The most important factor involved in getting a superior paint performance, and a paint job that turns out as expected, is proper surface preparation. Primers and finish coats must be compatible for them to work together. When the painted surface is not properly prepared, or is primed with an incompatible primer, the final finish coats will not dry properly to a smooth finish. One of the biggest categories affecting finish coat performance is the compatibility, or lack of compatibility of the primers and finish coats.
Paint Product Compatibility
There are three major types of spray paint products. Acrylic, or acrylic enamel paints are heavy bodied, high solid content paints. The film thickness of an acrylic enamel paint is much thicker than the paint film thickness of enamel, or lacquer-based coatings. Enamel paints take longer to dry because the dryers are alkyd oil based, rather than acrylic. Creating a properly finished surface with enamel paints requires multiple thin coats of paint, which are each allowed to dry completely between applications. Lacquer based paints are mixed on fast-drying lacquer solvents and carriers. Lacquer paints and clear finishes go on thin, and dry completely in much less time than either of the two previous formulation paints.
Painted Surface Preparation
When applying paint, the surface must be properly prepared before the paint is applied. Any structural defects should be repaired. If repair products like plastic wood, fillers, fiberglass or bondo are used, these materials must be completely dry before the paint can be applied. If these products haven't cured, and any solvents from the repair products are trapped by the primer or finish paint, the solvents will push the paint off the surface as it evaporates.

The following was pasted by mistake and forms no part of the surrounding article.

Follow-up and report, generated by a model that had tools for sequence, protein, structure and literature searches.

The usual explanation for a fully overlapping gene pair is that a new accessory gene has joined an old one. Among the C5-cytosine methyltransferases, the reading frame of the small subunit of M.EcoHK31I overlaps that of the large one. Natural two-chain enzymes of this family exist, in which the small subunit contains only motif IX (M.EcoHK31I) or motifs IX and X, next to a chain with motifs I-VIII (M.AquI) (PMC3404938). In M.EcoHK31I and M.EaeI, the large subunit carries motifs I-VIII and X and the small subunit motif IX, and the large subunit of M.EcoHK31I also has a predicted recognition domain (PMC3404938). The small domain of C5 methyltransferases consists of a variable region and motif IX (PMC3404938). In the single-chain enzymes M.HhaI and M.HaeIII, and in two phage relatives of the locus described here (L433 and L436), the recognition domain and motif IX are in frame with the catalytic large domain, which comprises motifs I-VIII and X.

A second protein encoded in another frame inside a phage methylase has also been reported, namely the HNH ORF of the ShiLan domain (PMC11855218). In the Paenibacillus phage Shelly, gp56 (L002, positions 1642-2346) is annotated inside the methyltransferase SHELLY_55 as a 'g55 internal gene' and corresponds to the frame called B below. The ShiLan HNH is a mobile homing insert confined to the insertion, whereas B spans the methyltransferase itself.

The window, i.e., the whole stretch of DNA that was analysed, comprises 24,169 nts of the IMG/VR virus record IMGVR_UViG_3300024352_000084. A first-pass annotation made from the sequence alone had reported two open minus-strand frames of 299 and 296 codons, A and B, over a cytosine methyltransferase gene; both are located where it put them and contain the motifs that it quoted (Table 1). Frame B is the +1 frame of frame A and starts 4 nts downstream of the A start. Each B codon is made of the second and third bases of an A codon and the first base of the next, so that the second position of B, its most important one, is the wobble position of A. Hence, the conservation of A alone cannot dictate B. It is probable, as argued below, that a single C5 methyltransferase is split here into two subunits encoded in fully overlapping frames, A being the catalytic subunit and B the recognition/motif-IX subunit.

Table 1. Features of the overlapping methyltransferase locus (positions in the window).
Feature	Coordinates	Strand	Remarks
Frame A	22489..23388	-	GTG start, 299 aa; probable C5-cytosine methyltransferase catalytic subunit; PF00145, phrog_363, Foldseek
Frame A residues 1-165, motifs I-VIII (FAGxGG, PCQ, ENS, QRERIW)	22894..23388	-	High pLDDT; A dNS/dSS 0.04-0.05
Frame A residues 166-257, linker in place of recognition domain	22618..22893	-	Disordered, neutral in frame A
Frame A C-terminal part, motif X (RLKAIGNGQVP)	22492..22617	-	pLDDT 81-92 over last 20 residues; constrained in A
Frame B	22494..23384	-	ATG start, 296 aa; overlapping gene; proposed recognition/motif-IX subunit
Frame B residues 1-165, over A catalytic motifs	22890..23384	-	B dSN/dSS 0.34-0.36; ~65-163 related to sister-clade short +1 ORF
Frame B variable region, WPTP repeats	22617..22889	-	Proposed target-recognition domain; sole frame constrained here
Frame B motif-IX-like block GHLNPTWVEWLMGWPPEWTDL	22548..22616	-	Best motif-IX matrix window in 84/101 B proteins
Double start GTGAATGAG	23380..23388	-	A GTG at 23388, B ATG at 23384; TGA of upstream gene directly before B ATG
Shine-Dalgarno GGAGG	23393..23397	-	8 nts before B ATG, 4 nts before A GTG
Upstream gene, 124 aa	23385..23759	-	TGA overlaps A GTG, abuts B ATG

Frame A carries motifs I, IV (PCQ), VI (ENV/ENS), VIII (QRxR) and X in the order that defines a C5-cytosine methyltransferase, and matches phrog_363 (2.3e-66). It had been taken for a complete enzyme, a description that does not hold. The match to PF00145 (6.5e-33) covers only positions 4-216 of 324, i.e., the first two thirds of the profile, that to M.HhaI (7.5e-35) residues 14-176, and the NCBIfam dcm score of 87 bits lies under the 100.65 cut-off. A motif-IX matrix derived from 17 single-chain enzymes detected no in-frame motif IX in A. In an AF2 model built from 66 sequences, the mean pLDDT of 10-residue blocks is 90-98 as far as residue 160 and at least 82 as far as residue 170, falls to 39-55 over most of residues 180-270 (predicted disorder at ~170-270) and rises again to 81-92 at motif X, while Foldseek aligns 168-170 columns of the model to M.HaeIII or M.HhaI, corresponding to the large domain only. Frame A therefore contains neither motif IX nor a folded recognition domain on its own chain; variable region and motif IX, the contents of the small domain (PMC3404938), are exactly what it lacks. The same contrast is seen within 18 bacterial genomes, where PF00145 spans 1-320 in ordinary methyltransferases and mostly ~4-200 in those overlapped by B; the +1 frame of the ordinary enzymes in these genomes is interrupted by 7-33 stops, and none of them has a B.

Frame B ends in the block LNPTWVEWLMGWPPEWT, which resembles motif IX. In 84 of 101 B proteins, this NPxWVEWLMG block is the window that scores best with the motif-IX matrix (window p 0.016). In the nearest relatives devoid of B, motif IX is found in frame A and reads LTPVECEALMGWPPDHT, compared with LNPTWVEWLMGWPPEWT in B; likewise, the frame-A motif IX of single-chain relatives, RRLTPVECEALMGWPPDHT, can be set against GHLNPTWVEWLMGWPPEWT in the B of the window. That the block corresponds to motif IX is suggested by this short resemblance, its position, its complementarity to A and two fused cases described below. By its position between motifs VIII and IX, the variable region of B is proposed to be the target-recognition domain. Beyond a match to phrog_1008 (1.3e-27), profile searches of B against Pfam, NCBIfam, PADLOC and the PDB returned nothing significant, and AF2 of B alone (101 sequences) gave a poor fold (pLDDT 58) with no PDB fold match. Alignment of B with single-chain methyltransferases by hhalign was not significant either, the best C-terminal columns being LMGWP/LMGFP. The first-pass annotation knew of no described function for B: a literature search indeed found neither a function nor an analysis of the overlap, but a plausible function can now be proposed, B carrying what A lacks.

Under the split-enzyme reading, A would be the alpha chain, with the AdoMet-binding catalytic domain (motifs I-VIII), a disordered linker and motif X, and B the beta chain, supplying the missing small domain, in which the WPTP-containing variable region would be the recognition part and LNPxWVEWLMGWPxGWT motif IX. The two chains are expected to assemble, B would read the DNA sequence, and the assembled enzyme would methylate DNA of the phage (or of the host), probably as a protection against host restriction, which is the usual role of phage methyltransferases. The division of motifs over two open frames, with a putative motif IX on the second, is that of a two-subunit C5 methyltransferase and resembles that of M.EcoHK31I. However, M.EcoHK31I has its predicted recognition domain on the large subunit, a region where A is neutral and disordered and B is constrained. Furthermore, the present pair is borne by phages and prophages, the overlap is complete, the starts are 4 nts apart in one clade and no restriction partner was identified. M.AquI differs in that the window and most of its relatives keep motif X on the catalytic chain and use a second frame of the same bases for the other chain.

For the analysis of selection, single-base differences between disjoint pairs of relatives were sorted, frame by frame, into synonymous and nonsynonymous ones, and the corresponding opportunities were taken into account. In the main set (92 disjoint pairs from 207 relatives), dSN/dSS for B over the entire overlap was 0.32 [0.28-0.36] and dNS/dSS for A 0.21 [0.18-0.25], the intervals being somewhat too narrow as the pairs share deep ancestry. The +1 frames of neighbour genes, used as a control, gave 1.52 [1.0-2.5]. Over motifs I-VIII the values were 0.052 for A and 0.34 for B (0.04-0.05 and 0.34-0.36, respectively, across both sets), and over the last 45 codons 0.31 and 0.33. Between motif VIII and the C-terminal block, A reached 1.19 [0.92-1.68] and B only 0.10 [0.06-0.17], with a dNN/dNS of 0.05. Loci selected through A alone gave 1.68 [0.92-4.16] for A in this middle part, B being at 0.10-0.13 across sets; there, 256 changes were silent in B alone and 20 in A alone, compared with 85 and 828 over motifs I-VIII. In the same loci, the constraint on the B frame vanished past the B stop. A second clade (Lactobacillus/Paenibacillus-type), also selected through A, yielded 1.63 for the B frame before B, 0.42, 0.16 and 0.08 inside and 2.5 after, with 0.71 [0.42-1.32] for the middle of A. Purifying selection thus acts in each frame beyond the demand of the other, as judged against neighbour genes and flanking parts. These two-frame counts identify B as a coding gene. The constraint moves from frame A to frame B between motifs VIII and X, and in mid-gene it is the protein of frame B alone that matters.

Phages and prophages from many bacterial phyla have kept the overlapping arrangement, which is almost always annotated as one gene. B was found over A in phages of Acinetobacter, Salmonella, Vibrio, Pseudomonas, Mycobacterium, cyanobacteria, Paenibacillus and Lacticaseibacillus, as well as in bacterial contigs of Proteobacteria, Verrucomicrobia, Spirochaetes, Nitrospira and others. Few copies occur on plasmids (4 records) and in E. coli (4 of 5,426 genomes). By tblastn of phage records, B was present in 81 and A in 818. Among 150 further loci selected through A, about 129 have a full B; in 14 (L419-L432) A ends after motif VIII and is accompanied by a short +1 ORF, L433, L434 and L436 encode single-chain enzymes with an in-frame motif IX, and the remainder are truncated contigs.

Lacquer sprays on in a very thin mil coating. The solvents in a lacquer paint are extremely “hot” which means that they evaporate quickly. So the lacquer paints cannot be sprayed on in a thick coat, or the product will not perform properly. Lacquer paints dry to a hard shell, leaving a very thin paint film. For these reasons, lacquer is a good undercoat for any other paint product. Lacquer can be over-coated with other lacquer, paints, or enamels and acrylics.
Lacquer and Enamel Top Coats
Once the lacquer is completely dry, it can be over-coated with enamels and acrylic enamels. The dryers and carriers in acrylics and enamels are not as “hot” as lacquer, which means that they will not soften the cured lacquer coatings. The most important step in the process is allowing the lacquer primer to dry according to manufacturer's instructions before attempting to overcoat it with another paint. The enamel paints should be applied in thin coats, giving each a chance to dry before putting on a second, or third coat.